posted by kate blank at 6:59 AM on October 7, 2014


I don't eat pork any more but it's due to boar taint, a hormonal condition that many male pigs have. It causes the pork to smell horrible and taste rotten to me. I haven't noticed feeling ill but haven't eaten fresh pork products in years. It hasn't always been that way for me either, just started approx. 5 yrs ago. Cured pork like bacon isn't too bad but I can usually still smell/taste it so I avoid.

It is annoying because it's it's not all pork that smells & tastes spoiled, but most does and it's inedible for me. DH doesn't notice it at all. I found it easier just to give up pork esp fresh pork, it's too expensive to cook it & not eat it.
posted by RichardHenryYarbo at 8:33 AM on October 7, 2014


I deliberately don't eat pork, like some others above. And it's because it always made me feel...not quick nauseated, but just "ick". I just assumed what Juniperesque said, that I don't have the proper "gut stuff" to handle it.
posted by aclevername at 8:38 AM on October 7, 2014 [1 favorite]


I thought it was well known that pork was less well-tolerated than other meats by many people. This is definitely true for dogs as well and is why you don't see pork-based commercial dog food and the general advice to raw feeders is "try it but don't be surprised if it disagrees with them."
posted by HotToddy at 8:56 AM on October 7, 2014


My friend gets migraines that floor her for days

I have a friend who gets migraines from pork. She also used to get them for days... until she realized that the migraines after the first day were being triggered by the gelatin coating on the pills she was taking to treat the first migraine.

So a warning to everyone who's pork-sensitive: watch out for gelatin coated pills.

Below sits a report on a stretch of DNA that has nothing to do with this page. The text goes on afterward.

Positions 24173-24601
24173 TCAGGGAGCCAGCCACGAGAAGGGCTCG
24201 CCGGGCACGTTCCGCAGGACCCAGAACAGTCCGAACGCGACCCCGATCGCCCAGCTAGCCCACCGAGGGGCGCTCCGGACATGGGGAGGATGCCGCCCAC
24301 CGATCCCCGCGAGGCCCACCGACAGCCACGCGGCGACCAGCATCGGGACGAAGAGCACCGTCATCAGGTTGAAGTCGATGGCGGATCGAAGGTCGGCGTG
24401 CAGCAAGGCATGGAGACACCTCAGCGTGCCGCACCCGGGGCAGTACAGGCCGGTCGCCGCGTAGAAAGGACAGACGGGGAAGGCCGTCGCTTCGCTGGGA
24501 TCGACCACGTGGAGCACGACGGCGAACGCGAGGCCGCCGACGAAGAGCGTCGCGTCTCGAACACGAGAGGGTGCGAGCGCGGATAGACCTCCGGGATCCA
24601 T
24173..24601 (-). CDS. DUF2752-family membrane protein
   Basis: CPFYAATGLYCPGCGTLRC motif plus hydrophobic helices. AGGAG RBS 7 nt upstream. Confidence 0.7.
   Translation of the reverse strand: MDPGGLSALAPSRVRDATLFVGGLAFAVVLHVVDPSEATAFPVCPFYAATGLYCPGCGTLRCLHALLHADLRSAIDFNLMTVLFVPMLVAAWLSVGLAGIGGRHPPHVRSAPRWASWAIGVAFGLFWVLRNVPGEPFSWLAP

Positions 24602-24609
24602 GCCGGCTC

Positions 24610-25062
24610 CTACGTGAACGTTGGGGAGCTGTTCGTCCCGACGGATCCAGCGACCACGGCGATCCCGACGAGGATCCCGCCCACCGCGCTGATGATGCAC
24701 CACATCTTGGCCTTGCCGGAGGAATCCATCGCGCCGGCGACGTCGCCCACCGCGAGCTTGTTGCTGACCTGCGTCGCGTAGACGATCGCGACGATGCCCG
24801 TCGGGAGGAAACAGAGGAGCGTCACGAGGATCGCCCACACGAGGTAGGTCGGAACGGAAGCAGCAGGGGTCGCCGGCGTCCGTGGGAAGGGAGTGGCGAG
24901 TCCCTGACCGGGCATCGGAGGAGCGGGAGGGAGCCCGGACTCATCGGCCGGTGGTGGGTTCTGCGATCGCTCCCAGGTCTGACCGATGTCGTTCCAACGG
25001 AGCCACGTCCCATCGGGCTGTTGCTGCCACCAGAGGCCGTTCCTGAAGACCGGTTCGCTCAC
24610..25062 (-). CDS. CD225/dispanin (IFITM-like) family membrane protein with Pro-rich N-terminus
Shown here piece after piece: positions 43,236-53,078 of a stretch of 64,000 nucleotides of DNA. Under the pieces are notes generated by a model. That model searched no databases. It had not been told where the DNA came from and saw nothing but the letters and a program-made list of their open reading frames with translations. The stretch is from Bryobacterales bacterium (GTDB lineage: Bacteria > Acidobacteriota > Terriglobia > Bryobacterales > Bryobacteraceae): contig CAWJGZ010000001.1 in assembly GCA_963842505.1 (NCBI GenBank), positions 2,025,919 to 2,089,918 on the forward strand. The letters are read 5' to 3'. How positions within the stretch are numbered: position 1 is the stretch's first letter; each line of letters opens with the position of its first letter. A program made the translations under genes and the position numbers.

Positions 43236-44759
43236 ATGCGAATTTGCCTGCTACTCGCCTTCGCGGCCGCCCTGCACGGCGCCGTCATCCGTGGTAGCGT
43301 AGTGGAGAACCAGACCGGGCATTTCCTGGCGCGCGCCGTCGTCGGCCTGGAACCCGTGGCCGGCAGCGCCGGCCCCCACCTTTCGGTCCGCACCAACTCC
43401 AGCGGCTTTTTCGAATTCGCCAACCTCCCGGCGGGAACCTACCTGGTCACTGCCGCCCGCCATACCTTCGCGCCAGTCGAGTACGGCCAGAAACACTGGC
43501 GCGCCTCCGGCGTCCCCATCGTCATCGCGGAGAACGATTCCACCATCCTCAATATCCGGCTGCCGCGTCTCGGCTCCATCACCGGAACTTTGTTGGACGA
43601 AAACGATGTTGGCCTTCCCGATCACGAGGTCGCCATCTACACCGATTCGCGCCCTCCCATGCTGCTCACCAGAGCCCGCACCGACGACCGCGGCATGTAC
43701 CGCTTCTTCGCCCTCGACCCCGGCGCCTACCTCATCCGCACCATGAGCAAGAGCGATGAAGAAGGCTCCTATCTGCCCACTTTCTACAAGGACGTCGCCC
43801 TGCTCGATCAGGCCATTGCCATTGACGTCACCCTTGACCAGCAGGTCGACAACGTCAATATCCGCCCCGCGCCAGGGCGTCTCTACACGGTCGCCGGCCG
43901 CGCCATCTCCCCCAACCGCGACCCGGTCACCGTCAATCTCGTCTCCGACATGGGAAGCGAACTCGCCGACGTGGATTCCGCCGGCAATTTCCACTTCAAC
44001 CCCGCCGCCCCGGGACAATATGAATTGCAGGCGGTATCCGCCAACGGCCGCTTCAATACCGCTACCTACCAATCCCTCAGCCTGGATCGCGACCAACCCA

posted by aubilenon at 10:27 AM on October 7, 2014 [2 favorites]


Your profile doesn't say what country you are in, but if in the US, could it be a sensitivity to ractopamine?
posted by tomierna at 1:08 PM on October 7, 2014


Lyme disease can make people intolerant to various kinds of meat.
posted by Jacqueline at 5:06 PM on October 7, 2014


Anecdote, but since I started eating less pork (my husband doesn't eat it) I noticed that I would get bad stomach troubles after eating pork chops, sausage, etc. Interestingly enough, a couple of slices of bacon or breakfast sausage are not a problem. Seems we're in the same boat.

I also know I cannot have creamy Caesar salad + fatty steak + crème brulee in one meal without experiencing the same symptoms.

After that incident and describing the whole thing, my doctor suspected gallbladder trouble, but nothing showed up on ultrasounds. You might want to expand your diet examination to include eggs, onions and nuts. (Various websites also suggest coffee, poultry, dairy, gluten... but those are the ones my doctor mentioned)
posted by cathoo at 6:47 PM on October 7, 2014


Another data point: Mr Pod and I both experience digestive discomfort if we eat quickly (but completely) cooked pork, like pork chops. Slow cooked or cured pork is fine though.
posted by escapepod at 1:23 AM on October 8, 2014


It is interesting to see how many people have the same experience or know others that do. A food intolerance makes sense to me but frankly the medical evidence on this for pork specifically seems to be rather lacking from some quick meddling searches.
posted by dougiedd at 5:42 PM on October 8, 2014